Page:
Brentwood residents seek voice in Roberto Clemente Park cleanup plan

Residents near Roberto Clemente Park want the state Residents near Roberto Clemente Park want the state Department of Environmental Conservation to include a community advisory board in the plan to clean up the toxic debris illegally dumped in the park. Photo Credit: Danielle Finkelstein

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Residents near Roberto Clemente Park in Brentwood want the state Department of Environmental Conservation to include a community advisory board in the plan to clean up the estimated 50,000 tons of toxic debris illegally dumped in the park since last June.

Many residents at a Wednesday meeting about the dumping complained of "mixed messages" from different elected officials or governing bodies and not receiving current information that had been distributed to others.

Fern Rostas, 67, who lives on Timberline Drive next to the park, said she watched bulldozers last summer working seven days a week, clearing the fields before the dumping began and is concerned for her family's health in the years to come.

"From the start the construction was going on at the park, I was getting the runaround from everyone about what was happening," Rostas said after the meeting. "I think we need to make sure we're getting the information we need right from the people who are running this."

The inclusion of selected community representatives to meet with the DEC, county and town officials would create a clear channel of information for residents, said Adrienne Esposito, executive director for Citizens Campaign for the Environment, a nonprofit that hosted the forum. Esposito, who headed the meeting, is running as a Democrat for State Senate in Suffolk's 3rd District, which includes the park.

Officials from the DEC said in a statement Thursday that the agency "strongly supports a public outreach and participation process to keep the community fully informed ... DEC will determine the components of the public outreach as part of its review of" a cleanup plan.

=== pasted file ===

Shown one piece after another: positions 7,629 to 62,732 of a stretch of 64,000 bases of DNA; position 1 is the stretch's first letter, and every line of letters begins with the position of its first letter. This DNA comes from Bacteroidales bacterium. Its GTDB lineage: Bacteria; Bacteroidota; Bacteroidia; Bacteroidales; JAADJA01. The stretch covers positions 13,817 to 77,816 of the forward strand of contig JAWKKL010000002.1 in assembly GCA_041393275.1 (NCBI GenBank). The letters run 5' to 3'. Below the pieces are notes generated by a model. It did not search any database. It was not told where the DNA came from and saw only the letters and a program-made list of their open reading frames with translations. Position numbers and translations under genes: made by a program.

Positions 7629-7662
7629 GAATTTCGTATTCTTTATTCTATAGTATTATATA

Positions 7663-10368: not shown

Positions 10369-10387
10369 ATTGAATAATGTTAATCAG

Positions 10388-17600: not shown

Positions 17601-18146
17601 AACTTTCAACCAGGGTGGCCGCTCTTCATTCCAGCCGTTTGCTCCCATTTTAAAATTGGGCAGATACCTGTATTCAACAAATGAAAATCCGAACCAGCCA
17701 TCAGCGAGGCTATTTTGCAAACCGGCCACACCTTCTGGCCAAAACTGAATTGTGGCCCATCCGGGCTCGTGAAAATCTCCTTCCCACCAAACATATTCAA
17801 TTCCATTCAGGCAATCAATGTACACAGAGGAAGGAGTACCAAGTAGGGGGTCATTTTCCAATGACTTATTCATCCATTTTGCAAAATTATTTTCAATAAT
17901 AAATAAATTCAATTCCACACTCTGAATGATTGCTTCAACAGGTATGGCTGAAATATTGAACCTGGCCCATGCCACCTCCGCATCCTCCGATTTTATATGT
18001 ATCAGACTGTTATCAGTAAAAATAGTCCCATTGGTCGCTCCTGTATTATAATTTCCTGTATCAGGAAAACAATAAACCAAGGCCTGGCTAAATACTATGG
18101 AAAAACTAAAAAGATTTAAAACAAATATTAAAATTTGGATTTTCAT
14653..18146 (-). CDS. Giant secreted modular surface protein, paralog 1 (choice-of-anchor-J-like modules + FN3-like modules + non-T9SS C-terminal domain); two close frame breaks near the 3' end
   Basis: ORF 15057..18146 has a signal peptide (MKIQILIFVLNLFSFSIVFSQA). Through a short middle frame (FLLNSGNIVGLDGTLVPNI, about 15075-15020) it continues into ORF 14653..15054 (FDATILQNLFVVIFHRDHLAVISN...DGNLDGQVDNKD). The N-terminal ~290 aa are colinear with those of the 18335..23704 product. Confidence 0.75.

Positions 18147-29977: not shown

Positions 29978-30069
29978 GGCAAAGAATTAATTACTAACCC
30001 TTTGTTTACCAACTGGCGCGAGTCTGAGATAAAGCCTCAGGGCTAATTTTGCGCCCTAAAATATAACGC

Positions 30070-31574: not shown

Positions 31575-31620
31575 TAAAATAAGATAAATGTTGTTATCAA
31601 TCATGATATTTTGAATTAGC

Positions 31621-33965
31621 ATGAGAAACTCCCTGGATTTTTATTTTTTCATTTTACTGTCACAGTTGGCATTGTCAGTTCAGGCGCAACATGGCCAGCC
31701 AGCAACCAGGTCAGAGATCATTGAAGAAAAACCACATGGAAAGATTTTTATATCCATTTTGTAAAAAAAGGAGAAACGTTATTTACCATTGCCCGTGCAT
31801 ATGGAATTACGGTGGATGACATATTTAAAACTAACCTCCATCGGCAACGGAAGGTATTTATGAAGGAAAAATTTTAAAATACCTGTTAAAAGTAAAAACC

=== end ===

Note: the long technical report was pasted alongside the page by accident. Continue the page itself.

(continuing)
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Inez Birbiglia, the town's deputy commissioner in the parks department, said Thursday that the public is being informed and will have input. Town officials "will continue to inform the public as it has every step of the way," she said, adding that residents will have a chance to submit input for the rebuilding of the park.

Suffolk County health officials have said the public heath risk now is low, but acknowledge it is impossible to know the health threat while dumping was going on. The dumping at the Brentwood park and three other sites in the Town are under a criminal investigation by the Suffolk County district attorney.

The full remediation plan for Clemente Park was to be submitted by the town to the DEC for approval at the end of August but is behind schedule. The first phase, to install groundwater monitoring wells, has received approval and is expected to be implemented in the coming weeks.

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Elsa Ford, 82, founder of the Brentwood/Bay Shore Breast Cancer Coalition, said several of her members who have battled breast cancer live near the park. "I'm especially concerned with those people that are vulnerable, who have had cancer, to not have it come back," Ford said. "I think it's going to be the best protection for the people in the community to be involved, to be empowered with the information so they can make choices about their health and their children's health."

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